Working to ensure that homelessness stops at one-time

By United Way of King County, on November 10, 2016 | In Fighting Homelessness

It’s uncommon for homelessness to result from just one setback. People who fall into homelessness are often struggling with multiple challenges. Having a roof overhead—while safer and more secure—doesn’t always alleviate all of the problems.

People who have lived on the streets for longer than a year are among the most vulnerable. Many suffer from severe mental and physical health issues as well as drug and alcohol addictions. In addition to housing, they need on-site support to help them stay healthy and safe.

United Way investments tackle this problem head on.

What’s working?

Housing First for people in 2,241 units. Housing First – providing people who are chronically homeless with apartments and vital on-site services – continues to be a national best practice. This approach is widely recognized as more humane, cost-effective and successful than allowing people to cycle in and out of the emergency room, sobering center or jail. United Way provides services for 2,241 units of permanent supportive housing so that people get the services they need, remain housed and don’t tax our emergency service system.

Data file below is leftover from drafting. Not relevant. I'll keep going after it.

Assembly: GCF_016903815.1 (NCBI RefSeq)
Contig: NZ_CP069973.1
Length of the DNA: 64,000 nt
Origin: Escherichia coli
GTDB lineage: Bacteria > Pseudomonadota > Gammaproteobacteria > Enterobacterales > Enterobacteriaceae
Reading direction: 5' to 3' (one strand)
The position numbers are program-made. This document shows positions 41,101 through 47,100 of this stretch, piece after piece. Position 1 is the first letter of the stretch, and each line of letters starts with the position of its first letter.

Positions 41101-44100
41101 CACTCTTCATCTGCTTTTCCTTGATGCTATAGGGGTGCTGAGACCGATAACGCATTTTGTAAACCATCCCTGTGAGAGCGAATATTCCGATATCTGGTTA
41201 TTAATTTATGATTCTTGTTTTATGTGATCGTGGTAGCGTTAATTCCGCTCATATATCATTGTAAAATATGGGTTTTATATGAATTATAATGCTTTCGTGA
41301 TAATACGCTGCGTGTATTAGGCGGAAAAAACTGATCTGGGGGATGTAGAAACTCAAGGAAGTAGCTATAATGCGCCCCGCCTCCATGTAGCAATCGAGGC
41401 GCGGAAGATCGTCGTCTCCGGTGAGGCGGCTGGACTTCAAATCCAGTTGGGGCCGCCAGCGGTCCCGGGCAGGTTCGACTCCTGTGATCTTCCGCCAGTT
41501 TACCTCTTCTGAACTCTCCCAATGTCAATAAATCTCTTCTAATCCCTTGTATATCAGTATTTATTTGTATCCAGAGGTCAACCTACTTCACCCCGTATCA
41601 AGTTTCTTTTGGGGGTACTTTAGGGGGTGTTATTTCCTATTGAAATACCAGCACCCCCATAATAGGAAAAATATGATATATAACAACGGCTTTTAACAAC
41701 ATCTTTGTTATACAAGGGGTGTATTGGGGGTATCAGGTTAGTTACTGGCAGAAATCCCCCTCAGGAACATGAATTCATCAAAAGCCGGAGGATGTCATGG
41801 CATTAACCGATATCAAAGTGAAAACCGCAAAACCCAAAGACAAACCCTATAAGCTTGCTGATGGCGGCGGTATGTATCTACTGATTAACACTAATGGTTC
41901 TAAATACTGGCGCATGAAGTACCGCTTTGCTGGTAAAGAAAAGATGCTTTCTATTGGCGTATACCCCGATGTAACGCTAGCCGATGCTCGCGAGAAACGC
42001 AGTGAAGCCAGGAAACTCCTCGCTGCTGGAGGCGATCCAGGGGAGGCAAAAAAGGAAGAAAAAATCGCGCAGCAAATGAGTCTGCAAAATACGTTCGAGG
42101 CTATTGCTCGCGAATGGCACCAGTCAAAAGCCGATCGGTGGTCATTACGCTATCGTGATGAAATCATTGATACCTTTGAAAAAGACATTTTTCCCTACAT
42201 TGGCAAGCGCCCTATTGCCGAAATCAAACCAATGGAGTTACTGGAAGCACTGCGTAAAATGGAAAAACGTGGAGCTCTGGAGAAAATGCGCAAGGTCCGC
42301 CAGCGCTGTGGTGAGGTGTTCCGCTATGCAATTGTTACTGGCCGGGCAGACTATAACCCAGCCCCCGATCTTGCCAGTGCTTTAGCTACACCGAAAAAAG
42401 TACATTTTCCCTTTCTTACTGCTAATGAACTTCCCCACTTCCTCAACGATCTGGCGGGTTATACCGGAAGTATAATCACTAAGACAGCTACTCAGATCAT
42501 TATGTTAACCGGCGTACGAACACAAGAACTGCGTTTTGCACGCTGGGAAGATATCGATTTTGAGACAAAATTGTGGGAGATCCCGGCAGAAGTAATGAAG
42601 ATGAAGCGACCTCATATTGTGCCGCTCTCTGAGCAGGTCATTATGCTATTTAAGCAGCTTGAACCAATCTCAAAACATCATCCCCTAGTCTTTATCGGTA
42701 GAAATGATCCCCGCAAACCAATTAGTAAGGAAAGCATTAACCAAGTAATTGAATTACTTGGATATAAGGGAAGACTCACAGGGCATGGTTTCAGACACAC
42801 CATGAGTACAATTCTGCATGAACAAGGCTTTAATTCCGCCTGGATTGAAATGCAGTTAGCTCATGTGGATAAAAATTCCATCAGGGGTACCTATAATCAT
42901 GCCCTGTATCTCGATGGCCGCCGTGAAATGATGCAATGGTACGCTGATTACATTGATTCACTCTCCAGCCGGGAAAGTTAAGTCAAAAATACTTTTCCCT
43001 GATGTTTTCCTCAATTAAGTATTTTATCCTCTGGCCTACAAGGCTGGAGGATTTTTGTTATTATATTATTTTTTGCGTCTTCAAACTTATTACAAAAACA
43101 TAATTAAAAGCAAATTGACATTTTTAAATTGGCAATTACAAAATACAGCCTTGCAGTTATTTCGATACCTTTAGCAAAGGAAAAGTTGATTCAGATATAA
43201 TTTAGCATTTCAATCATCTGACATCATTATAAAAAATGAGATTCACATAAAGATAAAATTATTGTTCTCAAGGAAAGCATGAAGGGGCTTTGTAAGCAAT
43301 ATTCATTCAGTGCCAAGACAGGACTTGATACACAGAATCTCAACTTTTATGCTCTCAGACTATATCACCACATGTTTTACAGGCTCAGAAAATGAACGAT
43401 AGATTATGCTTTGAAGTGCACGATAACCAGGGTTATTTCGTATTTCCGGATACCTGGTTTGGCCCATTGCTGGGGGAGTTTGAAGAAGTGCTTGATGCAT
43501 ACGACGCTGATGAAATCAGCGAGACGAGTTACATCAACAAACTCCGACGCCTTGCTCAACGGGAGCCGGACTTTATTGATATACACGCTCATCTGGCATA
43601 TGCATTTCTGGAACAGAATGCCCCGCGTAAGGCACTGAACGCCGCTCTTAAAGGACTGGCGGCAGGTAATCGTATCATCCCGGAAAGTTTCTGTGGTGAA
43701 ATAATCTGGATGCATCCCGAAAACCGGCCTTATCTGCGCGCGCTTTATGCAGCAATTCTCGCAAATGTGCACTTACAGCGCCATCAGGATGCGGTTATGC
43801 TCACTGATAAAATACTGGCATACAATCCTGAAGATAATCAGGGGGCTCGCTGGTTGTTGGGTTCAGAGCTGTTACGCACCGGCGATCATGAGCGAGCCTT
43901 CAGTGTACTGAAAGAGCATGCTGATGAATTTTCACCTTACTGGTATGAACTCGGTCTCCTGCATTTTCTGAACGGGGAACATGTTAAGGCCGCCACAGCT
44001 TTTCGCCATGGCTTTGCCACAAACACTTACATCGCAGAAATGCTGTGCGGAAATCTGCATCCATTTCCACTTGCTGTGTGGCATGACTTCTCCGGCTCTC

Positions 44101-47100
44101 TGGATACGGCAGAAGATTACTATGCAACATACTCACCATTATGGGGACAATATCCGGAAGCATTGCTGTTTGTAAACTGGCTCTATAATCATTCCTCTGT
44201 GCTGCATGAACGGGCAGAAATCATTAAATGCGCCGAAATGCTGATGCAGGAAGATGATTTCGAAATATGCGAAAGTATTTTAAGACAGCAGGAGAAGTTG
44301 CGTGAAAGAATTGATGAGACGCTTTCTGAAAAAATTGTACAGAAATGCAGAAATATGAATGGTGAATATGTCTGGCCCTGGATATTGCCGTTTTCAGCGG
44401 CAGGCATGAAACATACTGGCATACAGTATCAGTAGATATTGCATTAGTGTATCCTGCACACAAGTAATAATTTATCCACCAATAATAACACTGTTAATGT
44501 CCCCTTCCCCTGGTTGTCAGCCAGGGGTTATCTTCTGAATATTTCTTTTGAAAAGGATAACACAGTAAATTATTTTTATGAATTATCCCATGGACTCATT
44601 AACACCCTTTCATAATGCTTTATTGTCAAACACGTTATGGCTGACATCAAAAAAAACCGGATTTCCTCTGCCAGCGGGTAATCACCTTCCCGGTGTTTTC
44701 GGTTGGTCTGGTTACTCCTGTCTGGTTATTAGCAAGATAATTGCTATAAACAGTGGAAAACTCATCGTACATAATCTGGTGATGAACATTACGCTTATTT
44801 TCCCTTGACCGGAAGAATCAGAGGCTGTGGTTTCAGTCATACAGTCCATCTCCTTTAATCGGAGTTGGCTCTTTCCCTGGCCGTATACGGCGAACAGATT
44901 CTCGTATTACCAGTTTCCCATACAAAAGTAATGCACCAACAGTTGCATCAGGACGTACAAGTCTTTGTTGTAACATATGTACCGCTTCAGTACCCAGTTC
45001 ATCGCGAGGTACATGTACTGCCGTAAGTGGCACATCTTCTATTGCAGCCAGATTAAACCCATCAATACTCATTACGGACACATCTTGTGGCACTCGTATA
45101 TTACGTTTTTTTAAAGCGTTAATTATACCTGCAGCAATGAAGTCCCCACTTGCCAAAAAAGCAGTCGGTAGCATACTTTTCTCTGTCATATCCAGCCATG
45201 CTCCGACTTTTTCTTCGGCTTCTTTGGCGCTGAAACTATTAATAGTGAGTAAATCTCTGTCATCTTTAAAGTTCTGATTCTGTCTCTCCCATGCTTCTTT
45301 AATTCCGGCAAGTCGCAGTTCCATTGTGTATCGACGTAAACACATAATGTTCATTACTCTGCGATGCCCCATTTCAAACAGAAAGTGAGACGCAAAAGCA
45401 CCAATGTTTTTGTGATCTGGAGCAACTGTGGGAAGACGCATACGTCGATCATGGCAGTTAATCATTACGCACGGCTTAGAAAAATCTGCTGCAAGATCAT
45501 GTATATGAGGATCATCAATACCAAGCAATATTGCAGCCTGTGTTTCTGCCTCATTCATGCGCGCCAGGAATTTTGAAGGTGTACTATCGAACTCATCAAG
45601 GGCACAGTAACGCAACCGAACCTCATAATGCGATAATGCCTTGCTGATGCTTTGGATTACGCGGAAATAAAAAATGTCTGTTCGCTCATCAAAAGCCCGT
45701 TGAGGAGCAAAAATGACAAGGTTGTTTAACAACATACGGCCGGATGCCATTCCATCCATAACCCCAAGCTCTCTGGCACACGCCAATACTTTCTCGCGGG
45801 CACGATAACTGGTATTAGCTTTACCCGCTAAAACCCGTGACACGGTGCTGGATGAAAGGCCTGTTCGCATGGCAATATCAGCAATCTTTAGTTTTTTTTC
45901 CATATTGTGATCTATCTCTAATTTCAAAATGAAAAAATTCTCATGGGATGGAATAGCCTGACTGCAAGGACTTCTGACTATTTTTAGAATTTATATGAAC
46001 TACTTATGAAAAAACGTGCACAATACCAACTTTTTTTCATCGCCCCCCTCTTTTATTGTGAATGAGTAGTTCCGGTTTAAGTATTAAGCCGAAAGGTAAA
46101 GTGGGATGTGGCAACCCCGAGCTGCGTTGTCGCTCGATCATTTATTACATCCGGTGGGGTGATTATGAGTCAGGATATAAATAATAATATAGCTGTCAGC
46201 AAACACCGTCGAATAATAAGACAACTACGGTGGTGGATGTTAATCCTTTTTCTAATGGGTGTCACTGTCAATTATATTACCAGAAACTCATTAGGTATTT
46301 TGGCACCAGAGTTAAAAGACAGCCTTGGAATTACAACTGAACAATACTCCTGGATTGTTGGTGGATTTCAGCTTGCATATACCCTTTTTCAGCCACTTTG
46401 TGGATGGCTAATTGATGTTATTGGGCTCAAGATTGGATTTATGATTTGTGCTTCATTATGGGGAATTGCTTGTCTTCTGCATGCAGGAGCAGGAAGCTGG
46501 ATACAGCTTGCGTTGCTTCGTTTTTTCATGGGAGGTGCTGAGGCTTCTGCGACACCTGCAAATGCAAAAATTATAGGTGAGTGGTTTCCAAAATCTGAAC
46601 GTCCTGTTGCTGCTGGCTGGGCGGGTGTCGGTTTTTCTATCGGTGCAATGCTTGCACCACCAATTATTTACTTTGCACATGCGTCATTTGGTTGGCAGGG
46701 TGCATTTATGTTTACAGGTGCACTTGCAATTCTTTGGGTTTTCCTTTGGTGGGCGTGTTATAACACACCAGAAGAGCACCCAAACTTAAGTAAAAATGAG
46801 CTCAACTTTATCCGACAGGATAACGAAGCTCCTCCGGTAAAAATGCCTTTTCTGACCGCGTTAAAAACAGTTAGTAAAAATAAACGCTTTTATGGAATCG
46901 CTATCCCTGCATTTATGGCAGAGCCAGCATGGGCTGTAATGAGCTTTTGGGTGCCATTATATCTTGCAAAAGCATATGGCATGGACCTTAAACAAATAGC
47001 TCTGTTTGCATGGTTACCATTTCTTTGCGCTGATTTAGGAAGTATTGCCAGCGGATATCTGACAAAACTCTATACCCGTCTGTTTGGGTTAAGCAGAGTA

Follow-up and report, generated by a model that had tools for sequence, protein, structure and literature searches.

Support for 290 people with co-occurring disorders. Co-occurring disorders can sometimes be difficult to diagnose. Symptoms of substance abuse or addiction can mask symptoms of mental illness, and symptoms of mental illness can be confused with symptoms of addiction. For lots of people, untangling these disorders and treating them individually often leads to full recovery and many are able to move into stable housing on their own.

What needs work?

Too many people are returning to homelessness. In 2015, 7% of people who found permanent housing, slipped back into homelessness. The goal is 5%, so we’re close, but there are still improvements to be made. Because people who have been chronically homeless have multiple challenges. They can be tough to house. A commitment to the Housing First model is a must.

Full implementation of coordinated entry will also help lower this number. People will be most successful when they’re paired with the absolute best housing solution for their situation. We will insist that all funded agencies are compliant with coordinated entry.

Read on for overall approach to ending homelessness and how this prevention work helps make sure that homelessness is rare, brief and one-time.


All comments are approved before they are posted to the site.